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Goodbye to the 378s. Welcome NSCs.

I missed this when it happened, but better to write about it late than never: This month, the Coast Guard decommissioned its first two 378-foot high endurance cutters, the Hamilton and the Chase, so they could be transferred to the navies of the Philippines and Nigeria, respectively. The 378s have been the backbone of the Coast Guard's large cutter fleet for decades, and their crews have kept them on duty out at sea no matter what, even as the ships threatened to disintegrate from hard use and old age.

The departure of these two ships is a milestone not only because it marks the end of their legendary service, but also because it means the Coast Guard's new national security cutters are finally taking their places in the fleet. The first of the new 418-foot cutters, the Bertholf, is on its debut patrol in the Coast Guard's most treacherous operating environment -- Alaska -- and its skipper, Capt. John Prince, wrote that the ship and its crew are thriving:

We’ve experienced 20-foot seas and winds in excess of 60 knots with temperatures below freezing, and despite these sea conditions the ship has remained within pitch and roll limits to launch our helicopter. We have been able to make a comfortable 12 to 15 knots through the water in seas up to 14 feet, validating the sea keeping and stability of the NSC and our ability to respond quickly to any emergency.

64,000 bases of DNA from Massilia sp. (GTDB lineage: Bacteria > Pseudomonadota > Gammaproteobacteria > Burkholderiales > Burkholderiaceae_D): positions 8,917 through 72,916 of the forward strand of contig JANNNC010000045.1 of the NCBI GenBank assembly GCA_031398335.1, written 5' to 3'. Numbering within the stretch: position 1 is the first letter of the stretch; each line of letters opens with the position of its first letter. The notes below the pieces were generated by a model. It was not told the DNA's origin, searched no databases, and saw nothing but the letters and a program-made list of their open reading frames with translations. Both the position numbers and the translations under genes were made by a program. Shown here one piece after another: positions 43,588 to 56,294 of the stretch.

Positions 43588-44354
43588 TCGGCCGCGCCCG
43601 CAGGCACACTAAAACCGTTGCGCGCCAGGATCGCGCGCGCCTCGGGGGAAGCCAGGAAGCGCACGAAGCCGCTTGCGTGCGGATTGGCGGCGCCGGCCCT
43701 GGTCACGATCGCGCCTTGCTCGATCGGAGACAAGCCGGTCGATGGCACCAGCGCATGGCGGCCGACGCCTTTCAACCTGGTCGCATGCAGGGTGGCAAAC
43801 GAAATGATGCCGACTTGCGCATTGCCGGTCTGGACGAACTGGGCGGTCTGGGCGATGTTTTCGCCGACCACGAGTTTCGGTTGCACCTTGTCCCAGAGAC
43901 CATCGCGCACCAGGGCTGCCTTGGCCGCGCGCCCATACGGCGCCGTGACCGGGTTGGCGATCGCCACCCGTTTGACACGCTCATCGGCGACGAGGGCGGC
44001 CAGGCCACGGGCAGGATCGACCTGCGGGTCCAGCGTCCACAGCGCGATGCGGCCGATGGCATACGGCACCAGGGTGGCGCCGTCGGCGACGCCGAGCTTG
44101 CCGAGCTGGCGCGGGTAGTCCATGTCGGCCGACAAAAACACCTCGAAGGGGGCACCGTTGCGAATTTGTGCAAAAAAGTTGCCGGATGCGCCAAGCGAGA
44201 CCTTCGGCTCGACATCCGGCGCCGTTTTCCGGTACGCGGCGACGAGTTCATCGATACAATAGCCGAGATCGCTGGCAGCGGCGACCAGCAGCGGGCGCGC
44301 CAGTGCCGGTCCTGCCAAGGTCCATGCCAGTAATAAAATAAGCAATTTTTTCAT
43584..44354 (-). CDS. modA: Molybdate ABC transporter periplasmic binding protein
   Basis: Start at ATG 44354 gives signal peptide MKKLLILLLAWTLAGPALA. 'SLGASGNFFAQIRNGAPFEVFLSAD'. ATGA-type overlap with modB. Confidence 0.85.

Our 12,000 nautical mile range at economical speed, and 8,000 nautical mile range at a speed of 14 knots has allowed us to remain at sea for more than 24 days at a time and cover large swaths of the ocean with our sensors and helicopter, while still maintaining a fuel reserve in the event of emergency.

Keeping our stability well within safe limits without concern over low fuel levels, our installed ballast tanks help us to better preserve and protect the marine environment as we are not ballasting tanks that previously held fuel like on the 378-foot high endurance cutter.

Prince's full post about the Bertholf is worth reading, but this next part sums it up:
It is truly exhilarating as a sailor and cutterman to see what this optimally crewed ship is capable of – fast, quiet, a good ride, environmentally friendly, top notch sensors, weapons systems and communications suite, a huge and stable flight deck, interoperable with Department of Defense and other partners. Just recently, we demonstrated U.S. capabilities and commitment to preserving the balance in the Arctic region when we worked with our Russian partners. They were impressed with the high morale and quality of life enjoyed by our crew from berthing areas to the exercise facility to our galley – which was recently selected as the dining facility of the year in the large afloat category for its quality and efficiency. Other than good weather and calm seas, there is not much more I could ask for.
So although salty Coast Guardsmen might have mixed feelings about the end of the 378 era, the arrival of new ships like the Bertholf may also make it easier for the fleet to tell the old ones goodbye.

 

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